Nine days after a terrorist using a knife killed three people in the Notre-Dame Basilica in Nice, French Prime Minister Jean Castex paid a national tribute to the victims of the attack.
The October 29 murders were a blow to a nation already on its way after the assassination of teacher Samuel Paty in retaliation for showing his students caricatures of the Prophet Muhammad during a lesson on free speech just a week earlier. French President Emmanuel Macron considered that Paty killed an attack on the French Republic itself.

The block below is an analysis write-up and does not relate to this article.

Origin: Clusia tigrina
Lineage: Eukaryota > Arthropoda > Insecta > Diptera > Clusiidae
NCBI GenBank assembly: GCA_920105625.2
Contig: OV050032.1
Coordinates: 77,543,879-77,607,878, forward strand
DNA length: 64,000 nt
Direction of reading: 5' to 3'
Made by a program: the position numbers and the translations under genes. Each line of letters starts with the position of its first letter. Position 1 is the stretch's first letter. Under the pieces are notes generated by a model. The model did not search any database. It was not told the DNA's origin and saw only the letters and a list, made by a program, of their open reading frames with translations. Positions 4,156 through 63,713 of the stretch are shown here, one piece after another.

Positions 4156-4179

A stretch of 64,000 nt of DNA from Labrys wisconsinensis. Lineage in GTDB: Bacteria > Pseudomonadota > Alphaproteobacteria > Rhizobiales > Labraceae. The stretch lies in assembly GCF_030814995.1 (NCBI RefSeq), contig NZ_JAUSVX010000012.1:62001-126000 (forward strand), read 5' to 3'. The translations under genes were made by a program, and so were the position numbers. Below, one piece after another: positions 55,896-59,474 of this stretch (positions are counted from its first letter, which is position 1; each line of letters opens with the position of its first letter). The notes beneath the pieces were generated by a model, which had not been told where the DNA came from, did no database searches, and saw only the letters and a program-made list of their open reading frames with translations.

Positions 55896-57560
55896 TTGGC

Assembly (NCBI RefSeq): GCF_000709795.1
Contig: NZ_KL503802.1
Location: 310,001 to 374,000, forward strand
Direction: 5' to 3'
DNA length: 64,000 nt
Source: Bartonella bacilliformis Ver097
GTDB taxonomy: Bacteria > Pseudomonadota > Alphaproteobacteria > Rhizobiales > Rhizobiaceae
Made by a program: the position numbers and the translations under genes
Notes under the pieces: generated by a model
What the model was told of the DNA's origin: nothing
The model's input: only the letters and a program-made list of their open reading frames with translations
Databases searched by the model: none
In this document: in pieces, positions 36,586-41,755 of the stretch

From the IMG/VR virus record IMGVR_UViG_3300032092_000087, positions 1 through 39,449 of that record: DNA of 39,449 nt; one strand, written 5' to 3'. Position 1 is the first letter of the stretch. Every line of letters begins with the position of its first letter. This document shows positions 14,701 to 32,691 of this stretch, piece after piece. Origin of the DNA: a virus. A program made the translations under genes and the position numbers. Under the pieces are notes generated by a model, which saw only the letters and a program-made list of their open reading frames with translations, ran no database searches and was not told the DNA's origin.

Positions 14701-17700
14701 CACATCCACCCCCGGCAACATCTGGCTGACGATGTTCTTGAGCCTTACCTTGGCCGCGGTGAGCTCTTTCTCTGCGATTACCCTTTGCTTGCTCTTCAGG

Castex began the tribute with a minute’s silence as he and uniformed soldiers stood upright in the southern sun, the Mediterranean glistening through pines behind them. He spoke about the lives of the three victims, Nadine Devillers, 60, Vincent Loquès, 55, and Simone Barreto Silva, 44, and concluded by attaching the national medal for the recognition of victims of terrorism to the red velvet pillows that stood in front of large pictures of each of the deceased.
“Terrorism attacks what we are, what constitutes our identity, our freedom, our culture and, finally, our lives,” Castex said. “We know the enemy. He is not only identified but he has a name: It is radical Islamism, a political ideology that desecrates the Muslim religion by diverting its texts, its dogma and its commands … We do not allow France that we love to be disfigured. ”